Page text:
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Two Views of the Changes in Health Insurance Rates From 2008 to 2015

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Today, the U.S. Census Bureau is releasing a tool to look at the history of health insurance coverage in the United States: an animated map showing changes in uninsured rates by state, going back to 2008. The shift in health insurance coverage rates begins slowly, with little change occurring from 2008 to 2013. Then in 2014, we see the colors for many states lighten on the map as uninsured rates dropped across the nation, when many provisions of the Patient Protection and Affordable Care Act (ACA) went into effect. Rates fell again in 2015, leaving only Texas and Alaska in the darkest shade of blue.

The map is effective in showing the sudden, widespread change in the uninsured rates, as well as regional differences in health insurance coverage. But maps like this one, which put states into broad groups to illustrate more general patterns, can show only approximate values. Can we learn anything by taking a more detailed view?

This dot plot displays the same dataset as the animated map, but with the states listed by their uninsured rates in 2015. On the right, dots for prior years cluster together, representing the fairly small movements in uninsured rates that occurred from 2008 to 2013. Then, in 2014, we see a shift for all states to lower uninsured rates (represented by the leftward movement of dots), followed by a further shift in 2015. It reflects the same pattern of sudden change as in the animated map. But we can now see that all states, including Texas and Alaska, experienced gains in health insurance coverage rates. We can also see that states that expanded Medicaid eligibility as part of the Affordable Care Act tended to experience larger decreases in their uninsured rates  than did nonexpansion states. As shown in the figure, many Medicaid expansion states have uninsured rates close to or better than the national average, with few listed below it. States that did not expand Medicaid eligibility more often appear lower on the figure.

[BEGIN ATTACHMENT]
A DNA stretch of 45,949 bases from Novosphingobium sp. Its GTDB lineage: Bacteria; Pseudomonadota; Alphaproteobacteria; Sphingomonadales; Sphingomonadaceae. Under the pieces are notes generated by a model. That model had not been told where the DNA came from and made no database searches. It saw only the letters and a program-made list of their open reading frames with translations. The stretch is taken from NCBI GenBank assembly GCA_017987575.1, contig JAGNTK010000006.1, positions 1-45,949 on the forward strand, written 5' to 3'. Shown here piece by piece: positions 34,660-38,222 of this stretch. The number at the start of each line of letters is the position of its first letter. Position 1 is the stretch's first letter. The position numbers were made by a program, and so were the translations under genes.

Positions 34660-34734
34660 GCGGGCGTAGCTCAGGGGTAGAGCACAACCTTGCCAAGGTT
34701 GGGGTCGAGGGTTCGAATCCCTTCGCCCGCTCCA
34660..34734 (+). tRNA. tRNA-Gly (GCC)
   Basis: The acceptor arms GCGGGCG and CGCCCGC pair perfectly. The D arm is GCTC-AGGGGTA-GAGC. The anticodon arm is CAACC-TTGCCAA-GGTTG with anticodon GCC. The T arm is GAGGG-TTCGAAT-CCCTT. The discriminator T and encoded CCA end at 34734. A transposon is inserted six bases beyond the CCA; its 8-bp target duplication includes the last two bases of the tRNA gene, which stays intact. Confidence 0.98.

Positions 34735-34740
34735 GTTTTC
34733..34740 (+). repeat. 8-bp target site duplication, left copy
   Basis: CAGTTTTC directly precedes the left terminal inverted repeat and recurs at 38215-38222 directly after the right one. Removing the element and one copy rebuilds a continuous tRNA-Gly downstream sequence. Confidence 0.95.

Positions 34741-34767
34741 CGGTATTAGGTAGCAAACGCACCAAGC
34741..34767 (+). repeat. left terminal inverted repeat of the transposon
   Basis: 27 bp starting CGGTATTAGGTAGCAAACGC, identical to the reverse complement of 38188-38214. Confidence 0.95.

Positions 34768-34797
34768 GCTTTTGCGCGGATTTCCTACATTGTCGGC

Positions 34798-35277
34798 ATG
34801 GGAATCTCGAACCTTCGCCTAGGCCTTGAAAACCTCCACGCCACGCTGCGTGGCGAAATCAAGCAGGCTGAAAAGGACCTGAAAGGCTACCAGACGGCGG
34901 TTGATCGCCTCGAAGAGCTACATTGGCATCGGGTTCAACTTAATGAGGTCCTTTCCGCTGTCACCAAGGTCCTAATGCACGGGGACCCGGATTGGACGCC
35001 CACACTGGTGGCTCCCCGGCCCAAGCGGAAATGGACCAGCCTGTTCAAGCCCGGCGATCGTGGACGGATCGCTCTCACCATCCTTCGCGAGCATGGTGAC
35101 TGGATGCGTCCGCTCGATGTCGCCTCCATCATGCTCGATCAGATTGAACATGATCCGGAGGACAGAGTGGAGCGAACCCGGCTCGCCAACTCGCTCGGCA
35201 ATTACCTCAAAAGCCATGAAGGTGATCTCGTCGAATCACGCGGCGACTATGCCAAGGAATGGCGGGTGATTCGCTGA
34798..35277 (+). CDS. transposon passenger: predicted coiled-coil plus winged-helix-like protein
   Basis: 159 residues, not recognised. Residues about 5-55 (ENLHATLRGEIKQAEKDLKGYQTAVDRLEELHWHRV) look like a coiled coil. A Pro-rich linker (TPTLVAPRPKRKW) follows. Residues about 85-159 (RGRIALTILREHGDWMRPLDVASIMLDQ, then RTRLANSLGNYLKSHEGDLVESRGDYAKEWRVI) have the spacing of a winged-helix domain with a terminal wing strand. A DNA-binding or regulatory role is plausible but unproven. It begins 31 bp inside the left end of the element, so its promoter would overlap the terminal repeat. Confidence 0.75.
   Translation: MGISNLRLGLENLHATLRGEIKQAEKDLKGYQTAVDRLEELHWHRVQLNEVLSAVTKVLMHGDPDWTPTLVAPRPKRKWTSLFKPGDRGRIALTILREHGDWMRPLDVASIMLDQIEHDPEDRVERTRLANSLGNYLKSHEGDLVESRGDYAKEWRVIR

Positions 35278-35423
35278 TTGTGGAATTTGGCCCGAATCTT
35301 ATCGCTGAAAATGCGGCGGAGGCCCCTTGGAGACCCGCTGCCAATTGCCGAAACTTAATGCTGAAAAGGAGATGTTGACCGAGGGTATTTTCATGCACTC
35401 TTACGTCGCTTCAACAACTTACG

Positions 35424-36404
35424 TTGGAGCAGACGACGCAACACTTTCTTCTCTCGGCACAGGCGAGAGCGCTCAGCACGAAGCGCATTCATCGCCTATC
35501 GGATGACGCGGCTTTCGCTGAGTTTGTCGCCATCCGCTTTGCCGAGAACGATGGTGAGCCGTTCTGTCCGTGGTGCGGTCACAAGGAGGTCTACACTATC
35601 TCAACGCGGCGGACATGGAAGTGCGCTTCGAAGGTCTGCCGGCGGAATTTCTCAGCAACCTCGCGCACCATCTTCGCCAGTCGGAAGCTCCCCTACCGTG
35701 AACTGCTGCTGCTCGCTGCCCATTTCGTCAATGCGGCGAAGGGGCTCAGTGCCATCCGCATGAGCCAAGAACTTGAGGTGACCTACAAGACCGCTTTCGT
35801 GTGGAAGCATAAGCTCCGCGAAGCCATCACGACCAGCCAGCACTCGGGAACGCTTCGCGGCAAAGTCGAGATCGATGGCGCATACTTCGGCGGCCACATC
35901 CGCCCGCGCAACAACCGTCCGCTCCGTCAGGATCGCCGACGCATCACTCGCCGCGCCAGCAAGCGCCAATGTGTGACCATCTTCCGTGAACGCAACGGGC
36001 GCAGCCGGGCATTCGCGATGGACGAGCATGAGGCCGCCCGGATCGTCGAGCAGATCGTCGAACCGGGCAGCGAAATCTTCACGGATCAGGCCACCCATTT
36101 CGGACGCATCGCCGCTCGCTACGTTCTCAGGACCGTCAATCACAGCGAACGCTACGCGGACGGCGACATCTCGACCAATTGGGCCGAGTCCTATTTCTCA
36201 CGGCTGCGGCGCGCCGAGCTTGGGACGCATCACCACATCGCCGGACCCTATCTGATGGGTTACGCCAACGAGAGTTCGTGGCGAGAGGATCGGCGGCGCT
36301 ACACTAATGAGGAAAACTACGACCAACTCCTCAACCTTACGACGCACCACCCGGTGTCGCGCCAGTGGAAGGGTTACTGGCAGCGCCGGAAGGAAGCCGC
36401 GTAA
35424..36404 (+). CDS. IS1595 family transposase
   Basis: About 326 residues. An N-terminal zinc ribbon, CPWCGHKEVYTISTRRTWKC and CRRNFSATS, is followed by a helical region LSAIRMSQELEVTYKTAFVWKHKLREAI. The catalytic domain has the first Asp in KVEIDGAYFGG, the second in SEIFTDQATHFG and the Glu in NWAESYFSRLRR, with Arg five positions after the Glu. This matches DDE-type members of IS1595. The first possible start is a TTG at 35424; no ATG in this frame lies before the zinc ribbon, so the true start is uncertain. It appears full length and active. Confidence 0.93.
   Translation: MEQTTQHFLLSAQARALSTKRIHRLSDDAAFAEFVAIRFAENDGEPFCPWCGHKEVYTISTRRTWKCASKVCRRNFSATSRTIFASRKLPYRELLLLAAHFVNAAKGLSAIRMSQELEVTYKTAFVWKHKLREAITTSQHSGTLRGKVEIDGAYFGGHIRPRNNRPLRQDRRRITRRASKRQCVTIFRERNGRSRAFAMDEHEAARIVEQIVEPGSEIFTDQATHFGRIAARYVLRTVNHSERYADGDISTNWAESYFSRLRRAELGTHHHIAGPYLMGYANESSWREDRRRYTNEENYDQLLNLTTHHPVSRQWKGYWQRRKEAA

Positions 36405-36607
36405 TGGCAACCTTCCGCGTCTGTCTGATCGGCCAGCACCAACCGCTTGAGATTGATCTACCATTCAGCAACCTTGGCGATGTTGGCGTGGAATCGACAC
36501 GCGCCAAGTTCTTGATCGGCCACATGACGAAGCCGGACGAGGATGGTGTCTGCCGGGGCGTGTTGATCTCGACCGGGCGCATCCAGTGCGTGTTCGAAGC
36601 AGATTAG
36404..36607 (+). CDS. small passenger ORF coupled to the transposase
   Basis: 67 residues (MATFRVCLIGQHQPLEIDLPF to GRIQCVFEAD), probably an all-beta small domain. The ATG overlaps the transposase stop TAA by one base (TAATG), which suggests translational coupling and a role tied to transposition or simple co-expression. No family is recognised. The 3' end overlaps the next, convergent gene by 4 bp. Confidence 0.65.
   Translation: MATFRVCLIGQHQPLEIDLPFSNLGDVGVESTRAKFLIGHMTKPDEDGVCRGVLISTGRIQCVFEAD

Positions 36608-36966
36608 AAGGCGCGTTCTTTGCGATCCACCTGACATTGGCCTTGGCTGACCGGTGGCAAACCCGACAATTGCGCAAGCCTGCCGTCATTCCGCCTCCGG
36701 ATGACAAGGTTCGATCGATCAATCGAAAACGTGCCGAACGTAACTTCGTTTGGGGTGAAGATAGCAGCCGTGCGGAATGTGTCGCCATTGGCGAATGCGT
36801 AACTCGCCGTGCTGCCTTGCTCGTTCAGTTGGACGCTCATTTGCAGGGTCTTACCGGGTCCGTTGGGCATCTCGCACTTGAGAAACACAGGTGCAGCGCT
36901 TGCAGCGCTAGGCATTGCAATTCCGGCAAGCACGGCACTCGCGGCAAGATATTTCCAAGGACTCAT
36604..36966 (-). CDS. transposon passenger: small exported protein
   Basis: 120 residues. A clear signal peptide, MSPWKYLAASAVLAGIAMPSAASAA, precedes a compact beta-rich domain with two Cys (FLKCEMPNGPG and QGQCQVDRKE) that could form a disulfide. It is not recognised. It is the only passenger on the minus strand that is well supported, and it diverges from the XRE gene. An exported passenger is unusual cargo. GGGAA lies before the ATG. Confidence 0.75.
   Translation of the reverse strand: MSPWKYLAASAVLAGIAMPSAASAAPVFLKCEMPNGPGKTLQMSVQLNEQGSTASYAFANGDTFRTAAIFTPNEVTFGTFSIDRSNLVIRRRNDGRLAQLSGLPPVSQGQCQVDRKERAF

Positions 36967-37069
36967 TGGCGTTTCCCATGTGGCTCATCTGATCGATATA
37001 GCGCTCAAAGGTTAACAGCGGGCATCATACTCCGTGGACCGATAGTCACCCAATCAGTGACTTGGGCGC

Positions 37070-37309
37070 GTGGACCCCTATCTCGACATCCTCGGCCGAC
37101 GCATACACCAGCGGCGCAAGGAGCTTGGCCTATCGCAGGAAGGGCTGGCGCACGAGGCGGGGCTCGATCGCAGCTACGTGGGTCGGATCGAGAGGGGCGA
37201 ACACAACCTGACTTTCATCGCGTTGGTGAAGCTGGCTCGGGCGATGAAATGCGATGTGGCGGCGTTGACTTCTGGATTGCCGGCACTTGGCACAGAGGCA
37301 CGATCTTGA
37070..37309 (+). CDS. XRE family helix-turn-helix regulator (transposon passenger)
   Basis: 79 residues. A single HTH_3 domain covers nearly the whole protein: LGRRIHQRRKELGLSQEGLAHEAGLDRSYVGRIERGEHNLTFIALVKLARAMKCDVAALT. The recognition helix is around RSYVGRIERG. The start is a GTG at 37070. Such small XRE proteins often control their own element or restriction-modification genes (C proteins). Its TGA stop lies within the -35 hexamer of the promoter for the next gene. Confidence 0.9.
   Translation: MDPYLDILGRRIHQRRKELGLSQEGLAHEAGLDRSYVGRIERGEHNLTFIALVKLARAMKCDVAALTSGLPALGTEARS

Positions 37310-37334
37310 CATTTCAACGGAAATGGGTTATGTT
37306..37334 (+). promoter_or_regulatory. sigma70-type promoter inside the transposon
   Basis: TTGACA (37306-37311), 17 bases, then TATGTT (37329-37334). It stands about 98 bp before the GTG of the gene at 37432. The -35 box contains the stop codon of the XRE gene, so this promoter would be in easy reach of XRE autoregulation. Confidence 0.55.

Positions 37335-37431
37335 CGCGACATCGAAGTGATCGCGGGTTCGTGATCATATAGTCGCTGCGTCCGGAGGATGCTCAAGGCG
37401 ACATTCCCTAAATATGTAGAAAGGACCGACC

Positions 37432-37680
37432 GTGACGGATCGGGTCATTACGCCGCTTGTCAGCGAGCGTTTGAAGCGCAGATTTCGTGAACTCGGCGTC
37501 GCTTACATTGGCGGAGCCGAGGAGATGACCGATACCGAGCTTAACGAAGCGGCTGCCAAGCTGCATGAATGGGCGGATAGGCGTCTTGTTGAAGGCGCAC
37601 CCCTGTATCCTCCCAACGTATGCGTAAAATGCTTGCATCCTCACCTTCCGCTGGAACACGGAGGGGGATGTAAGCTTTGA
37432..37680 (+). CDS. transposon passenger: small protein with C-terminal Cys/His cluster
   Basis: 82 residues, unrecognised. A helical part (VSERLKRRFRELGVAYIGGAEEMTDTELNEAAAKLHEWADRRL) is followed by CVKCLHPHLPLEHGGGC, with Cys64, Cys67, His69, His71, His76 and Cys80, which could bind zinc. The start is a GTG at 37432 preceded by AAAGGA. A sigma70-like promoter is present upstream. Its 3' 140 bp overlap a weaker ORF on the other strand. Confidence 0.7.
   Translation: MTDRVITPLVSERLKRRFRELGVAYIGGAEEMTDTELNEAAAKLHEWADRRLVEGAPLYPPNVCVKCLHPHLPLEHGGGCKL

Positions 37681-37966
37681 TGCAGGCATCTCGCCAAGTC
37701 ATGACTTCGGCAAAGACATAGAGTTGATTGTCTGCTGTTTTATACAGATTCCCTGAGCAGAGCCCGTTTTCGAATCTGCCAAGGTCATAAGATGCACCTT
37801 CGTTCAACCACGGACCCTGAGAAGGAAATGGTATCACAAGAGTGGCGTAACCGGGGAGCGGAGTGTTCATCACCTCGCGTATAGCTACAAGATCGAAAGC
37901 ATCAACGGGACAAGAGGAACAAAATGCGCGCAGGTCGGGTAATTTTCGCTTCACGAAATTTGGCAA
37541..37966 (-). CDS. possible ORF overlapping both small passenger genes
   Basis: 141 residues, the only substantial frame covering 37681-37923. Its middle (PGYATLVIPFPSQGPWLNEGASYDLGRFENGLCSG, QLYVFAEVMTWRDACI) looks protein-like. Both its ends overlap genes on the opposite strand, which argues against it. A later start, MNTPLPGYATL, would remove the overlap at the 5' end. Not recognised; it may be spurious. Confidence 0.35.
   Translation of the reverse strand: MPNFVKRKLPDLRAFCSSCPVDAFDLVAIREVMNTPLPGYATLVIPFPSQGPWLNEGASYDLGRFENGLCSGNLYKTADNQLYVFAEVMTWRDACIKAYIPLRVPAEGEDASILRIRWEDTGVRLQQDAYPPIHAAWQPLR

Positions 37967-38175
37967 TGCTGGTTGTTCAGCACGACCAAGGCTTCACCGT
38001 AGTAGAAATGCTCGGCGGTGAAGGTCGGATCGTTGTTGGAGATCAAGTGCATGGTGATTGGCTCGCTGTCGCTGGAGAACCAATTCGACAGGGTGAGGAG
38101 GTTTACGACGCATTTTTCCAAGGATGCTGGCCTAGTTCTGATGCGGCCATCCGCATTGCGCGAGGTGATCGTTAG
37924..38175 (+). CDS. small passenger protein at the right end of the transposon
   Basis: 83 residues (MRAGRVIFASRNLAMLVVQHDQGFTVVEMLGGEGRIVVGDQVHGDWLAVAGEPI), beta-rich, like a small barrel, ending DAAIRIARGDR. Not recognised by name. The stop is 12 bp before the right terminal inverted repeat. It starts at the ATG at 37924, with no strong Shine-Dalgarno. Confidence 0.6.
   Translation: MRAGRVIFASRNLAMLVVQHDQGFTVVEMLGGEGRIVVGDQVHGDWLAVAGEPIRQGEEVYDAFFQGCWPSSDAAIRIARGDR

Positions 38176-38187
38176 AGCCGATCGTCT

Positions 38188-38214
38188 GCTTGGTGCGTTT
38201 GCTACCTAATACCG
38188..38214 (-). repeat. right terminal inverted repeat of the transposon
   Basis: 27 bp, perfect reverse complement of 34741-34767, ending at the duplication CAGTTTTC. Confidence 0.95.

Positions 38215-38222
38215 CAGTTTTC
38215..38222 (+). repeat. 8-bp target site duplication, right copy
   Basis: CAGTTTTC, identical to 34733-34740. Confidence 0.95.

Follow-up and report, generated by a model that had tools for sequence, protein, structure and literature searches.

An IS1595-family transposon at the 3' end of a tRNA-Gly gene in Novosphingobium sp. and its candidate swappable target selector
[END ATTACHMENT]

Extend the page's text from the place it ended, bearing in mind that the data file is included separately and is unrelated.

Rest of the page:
This is an example of how we can uncover additional findings when we take multiple views of a dataset.

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